But the old Jello™ recipes happened because marketing needed to move more Jello™ and so Jello™ could now be part of every dish at every meal.

Who wants a slice of cold kidney beans quivering at you during supper:

    jellified meat broth

That's been mentioned here before...

ThurberMingus  ·  177 days ago  ·  link  ·    ·  parent  ·  post: A global epidemic of bad thinking

    Being cancelled or given a Twitter pile-on by woke warriors doesn’t seem to be the solution – it only entrenches the true believers and epistemically stubborn in their false ideas.

A paragraph later:

    So the vaccine for this epidemic is more likely to be facts, stated plainly and often, and for the bad thinkers to be called out and ostracised if they refuse to listen.

There's not much difference between those two. 'If X didn't work we need to try X harder, because its gotta be the solution' is just another variety of bad thinking.

ThurberMingus  ·  198 days ago  ·  link  ·    ·  parent  ·  post:

ThurberMingus  ·  200 days ago  ·  link  ·    ·  parent  ·  post: Walk 3800 ≤ x ≤ 9800 of steps each day to cut your risk of dementia

Related - the 10000 step goal was invented for branding of a Japanese pedometer because the character for 10000 looks a bit like a stick figure walking -

ThurberMingus  ·  206 days ago  ·  link  ·    ·  parent  ·  post: The ghost in the machine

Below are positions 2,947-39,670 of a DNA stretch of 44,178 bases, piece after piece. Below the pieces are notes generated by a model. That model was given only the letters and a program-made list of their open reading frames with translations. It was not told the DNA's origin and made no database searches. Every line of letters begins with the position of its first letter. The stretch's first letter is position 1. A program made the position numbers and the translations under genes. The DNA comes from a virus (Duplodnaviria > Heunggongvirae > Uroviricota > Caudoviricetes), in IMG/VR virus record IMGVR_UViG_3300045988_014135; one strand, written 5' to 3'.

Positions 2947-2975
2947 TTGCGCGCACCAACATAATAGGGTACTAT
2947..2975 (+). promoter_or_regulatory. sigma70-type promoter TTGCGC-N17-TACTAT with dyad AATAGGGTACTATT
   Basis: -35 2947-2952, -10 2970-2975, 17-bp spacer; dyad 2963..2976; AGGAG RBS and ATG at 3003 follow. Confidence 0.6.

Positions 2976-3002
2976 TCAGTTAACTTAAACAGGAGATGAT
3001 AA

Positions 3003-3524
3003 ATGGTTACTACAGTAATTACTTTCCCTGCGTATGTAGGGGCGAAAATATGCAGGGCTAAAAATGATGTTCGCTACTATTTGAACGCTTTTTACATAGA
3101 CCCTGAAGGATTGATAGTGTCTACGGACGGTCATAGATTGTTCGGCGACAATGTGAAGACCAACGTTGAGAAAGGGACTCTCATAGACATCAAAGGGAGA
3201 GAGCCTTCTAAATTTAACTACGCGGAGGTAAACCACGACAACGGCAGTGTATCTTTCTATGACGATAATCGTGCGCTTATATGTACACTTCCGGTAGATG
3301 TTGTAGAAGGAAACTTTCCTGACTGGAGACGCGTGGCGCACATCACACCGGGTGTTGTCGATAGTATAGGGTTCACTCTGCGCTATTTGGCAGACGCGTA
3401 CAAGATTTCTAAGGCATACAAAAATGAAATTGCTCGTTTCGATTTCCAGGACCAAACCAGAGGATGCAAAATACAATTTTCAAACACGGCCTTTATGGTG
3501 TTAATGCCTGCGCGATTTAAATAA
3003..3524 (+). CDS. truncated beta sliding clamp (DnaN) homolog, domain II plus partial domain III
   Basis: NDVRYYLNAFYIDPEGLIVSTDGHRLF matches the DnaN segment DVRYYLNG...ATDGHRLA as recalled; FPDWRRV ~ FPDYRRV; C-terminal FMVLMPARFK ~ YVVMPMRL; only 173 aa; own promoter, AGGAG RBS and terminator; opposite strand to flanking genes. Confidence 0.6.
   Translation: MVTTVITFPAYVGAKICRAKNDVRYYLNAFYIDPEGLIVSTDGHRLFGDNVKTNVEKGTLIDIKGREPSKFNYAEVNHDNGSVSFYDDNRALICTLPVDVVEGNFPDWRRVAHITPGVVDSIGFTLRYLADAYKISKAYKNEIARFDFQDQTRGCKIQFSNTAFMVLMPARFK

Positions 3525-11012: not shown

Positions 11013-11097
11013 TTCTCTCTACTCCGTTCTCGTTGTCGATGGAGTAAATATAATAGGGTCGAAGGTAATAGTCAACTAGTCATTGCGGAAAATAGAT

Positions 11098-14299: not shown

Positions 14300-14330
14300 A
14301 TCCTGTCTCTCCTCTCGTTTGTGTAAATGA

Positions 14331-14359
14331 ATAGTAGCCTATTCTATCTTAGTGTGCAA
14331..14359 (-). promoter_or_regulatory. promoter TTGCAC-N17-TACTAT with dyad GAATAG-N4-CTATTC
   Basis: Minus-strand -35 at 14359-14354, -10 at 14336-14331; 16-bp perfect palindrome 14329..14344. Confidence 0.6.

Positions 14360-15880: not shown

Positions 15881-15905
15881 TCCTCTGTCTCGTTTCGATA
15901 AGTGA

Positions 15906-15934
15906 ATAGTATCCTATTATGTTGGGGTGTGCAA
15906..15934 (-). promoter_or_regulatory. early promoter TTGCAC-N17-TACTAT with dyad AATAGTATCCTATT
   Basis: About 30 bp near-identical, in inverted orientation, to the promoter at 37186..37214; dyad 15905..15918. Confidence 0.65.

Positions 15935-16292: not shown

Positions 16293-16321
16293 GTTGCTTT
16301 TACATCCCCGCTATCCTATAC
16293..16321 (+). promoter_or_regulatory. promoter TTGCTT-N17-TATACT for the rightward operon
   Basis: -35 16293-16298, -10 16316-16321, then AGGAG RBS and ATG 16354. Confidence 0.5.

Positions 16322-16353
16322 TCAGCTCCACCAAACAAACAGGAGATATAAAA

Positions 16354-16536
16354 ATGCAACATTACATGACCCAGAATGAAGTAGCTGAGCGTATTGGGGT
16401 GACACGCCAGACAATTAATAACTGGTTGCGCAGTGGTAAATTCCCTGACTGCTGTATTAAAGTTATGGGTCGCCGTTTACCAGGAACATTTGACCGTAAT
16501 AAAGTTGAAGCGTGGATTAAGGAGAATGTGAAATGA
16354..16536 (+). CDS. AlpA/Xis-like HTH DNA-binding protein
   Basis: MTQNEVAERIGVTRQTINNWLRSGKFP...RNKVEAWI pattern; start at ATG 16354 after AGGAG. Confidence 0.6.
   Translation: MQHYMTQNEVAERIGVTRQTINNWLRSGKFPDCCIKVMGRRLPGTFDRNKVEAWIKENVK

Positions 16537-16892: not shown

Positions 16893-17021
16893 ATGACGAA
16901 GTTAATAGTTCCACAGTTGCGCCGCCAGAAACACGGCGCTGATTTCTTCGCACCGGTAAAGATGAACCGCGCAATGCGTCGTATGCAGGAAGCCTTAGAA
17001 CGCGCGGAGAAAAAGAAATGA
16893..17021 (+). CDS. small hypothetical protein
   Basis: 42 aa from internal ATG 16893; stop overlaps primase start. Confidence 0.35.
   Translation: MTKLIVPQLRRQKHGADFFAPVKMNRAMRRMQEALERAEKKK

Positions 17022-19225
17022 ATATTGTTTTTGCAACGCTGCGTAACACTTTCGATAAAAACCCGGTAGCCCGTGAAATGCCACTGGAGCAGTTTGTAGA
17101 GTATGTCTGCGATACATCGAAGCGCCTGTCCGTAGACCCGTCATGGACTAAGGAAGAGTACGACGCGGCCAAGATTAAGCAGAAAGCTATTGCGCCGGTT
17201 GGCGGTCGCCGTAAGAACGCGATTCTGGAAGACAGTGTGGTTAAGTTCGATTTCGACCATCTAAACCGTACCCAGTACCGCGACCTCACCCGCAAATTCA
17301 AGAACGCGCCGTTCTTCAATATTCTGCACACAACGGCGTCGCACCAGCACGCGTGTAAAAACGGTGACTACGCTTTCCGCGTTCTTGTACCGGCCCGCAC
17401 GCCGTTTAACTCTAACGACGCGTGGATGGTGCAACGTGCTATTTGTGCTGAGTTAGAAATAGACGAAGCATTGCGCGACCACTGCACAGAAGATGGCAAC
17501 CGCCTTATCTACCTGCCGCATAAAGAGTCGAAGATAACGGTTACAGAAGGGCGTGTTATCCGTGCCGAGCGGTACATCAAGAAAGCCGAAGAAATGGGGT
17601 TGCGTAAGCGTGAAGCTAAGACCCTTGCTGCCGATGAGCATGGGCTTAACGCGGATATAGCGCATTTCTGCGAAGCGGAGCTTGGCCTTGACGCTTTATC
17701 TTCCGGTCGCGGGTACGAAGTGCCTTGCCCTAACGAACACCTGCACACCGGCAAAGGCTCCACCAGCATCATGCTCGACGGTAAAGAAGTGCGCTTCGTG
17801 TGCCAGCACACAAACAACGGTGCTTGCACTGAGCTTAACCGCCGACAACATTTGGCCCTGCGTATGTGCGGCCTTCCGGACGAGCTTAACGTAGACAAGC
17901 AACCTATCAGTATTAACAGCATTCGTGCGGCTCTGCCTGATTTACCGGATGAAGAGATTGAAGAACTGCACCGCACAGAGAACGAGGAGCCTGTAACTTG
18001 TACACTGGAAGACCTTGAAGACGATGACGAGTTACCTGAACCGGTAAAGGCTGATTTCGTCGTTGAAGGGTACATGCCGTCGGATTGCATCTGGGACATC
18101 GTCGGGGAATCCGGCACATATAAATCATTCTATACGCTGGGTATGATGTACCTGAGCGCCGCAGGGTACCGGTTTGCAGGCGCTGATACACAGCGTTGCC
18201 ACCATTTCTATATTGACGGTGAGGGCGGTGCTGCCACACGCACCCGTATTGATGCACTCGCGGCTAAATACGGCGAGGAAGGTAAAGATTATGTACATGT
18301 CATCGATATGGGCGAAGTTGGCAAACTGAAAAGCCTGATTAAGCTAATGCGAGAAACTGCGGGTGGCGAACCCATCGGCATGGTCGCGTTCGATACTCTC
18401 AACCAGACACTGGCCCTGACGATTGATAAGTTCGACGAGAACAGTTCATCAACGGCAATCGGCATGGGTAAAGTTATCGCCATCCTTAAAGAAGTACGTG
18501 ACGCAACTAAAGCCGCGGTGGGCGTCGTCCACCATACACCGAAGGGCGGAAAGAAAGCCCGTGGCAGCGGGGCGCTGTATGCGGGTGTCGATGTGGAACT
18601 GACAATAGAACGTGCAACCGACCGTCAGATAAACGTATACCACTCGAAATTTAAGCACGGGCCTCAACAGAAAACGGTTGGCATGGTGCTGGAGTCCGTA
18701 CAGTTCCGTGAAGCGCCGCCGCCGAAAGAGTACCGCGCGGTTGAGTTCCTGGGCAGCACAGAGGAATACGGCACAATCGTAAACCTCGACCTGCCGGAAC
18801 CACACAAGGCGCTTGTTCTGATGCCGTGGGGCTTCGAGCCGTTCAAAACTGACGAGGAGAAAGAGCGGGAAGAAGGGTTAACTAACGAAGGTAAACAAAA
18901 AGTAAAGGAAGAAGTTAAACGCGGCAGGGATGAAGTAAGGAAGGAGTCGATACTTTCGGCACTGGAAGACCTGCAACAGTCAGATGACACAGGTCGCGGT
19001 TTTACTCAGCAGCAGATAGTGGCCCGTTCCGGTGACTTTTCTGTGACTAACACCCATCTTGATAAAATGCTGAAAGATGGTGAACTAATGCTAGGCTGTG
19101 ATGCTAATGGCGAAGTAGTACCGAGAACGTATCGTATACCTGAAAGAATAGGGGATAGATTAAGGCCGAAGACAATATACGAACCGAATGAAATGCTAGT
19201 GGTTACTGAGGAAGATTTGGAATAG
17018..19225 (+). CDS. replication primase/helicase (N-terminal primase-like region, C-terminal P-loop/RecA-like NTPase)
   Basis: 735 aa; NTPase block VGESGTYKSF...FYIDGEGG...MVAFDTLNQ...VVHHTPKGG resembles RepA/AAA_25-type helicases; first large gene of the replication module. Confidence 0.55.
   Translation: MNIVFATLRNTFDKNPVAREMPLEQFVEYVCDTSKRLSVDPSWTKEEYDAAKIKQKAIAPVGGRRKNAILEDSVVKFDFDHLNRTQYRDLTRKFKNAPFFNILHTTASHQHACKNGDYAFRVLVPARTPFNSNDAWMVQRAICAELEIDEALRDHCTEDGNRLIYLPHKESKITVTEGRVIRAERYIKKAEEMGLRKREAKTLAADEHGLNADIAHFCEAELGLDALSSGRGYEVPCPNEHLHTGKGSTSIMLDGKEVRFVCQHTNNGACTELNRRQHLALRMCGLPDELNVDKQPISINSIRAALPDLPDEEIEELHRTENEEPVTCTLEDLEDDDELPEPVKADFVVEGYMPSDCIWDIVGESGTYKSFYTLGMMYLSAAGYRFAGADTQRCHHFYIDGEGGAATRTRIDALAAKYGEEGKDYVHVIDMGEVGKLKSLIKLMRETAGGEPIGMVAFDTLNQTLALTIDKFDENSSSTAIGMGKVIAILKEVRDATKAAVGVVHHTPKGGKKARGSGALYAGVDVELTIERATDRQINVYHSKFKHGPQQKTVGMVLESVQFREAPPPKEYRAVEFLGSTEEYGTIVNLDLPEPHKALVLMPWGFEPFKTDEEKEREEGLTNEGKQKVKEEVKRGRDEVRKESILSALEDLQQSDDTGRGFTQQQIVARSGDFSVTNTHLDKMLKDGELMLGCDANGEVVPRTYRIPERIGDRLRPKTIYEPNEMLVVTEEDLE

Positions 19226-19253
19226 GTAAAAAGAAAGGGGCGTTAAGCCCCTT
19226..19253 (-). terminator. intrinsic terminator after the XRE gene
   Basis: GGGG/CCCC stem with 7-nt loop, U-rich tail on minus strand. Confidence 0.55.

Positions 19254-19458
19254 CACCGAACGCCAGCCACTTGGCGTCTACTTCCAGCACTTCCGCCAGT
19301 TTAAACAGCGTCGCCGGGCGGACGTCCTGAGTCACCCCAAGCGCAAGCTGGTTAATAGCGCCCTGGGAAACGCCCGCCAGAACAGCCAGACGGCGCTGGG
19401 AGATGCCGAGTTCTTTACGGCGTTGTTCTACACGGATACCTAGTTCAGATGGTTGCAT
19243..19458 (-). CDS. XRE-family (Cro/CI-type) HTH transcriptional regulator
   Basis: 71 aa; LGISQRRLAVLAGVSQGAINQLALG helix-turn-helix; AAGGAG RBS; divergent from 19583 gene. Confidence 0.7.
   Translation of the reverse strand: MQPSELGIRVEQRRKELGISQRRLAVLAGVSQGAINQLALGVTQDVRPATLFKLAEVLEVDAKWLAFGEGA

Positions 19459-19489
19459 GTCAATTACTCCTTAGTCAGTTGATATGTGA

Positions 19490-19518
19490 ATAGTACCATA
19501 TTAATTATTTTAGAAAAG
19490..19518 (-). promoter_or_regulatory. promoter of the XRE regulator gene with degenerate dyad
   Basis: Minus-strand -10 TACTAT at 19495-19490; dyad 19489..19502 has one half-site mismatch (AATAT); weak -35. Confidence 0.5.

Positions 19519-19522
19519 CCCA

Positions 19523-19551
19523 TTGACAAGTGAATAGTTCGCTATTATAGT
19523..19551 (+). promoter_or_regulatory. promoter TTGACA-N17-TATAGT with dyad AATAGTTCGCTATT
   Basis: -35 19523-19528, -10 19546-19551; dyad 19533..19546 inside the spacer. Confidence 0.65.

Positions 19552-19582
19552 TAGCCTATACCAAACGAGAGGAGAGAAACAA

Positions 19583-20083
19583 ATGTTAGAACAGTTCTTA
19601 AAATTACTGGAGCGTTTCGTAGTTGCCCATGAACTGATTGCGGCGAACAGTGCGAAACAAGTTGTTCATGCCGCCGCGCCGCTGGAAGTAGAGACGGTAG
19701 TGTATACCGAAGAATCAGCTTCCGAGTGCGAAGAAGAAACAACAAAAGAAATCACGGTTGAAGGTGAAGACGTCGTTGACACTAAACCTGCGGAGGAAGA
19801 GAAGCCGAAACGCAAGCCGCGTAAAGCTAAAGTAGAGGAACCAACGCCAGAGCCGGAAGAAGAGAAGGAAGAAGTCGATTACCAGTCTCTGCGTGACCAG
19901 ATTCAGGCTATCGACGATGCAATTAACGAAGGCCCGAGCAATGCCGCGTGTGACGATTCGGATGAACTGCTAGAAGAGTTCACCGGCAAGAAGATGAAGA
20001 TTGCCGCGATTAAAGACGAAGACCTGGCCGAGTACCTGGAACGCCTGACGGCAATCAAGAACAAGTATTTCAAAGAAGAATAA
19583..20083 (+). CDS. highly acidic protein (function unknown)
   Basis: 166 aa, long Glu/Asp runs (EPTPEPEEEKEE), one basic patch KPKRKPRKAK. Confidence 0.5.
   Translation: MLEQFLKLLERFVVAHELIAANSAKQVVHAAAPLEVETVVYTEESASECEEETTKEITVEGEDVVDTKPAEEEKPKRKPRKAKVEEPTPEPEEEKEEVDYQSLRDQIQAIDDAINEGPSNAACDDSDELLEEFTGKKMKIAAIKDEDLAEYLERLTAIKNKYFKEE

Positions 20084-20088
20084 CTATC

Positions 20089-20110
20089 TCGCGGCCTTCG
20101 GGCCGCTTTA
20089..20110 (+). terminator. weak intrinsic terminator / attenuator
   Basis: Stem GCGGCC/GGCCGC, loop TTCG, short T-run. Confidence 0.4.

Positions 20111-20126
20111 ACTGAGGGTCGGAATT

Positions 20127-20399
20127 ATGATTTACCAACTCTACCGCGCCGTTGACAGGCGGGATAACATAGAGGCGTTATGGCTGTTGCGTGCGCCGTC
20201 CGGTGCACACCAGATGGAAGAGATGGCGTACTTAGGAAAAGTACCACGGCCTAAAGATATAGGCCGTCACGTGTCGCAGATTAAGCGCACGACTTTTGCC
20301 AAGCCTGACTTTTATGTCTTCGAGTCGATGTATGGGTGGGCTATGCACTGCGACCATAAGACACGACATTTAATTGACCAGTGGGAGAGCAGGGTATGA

The explanation that made sense to me is that's it's a local minima, like local minima around Starry Night or the Mona Lisa that make those paintings keep appearing in descendant images for many generations, except this local minima is negatively weighted to lots of things and is surrounded by gore.

I'll agree with you in daylight but with demure at night

I'm sure the tracks are covered again after the rain last week.

I have been there a bunch of times, it's close to DFW. But the timing is a little tricky, only once was the water low enough and clear enough to wade and splash around the tracks. I was 7 or 8 and it was a fantastic camping trip.

ThurberMingus  ·  218 days ago  ·  link  ·    ·  parent  ·  post: 498th Weekly "Share Some Music You've Been Into Lately"

Midlake - Roscoe

ThurberMingus  ·  224 days ago  ·  link  ·    ·  parent  ·  post: ARMAGEDDON TIME ARK BASE OPERATION

There's a reasonable explanation:

    ( All "T"s are capitalized in words on This site To emphasize The word "Time". )

But it looks like you'll be out of a job

    Guidance from HIS Holy MEASURES

    removes The Mystery from our History and abolishes costly, Time-consuming experimental research for Perfection!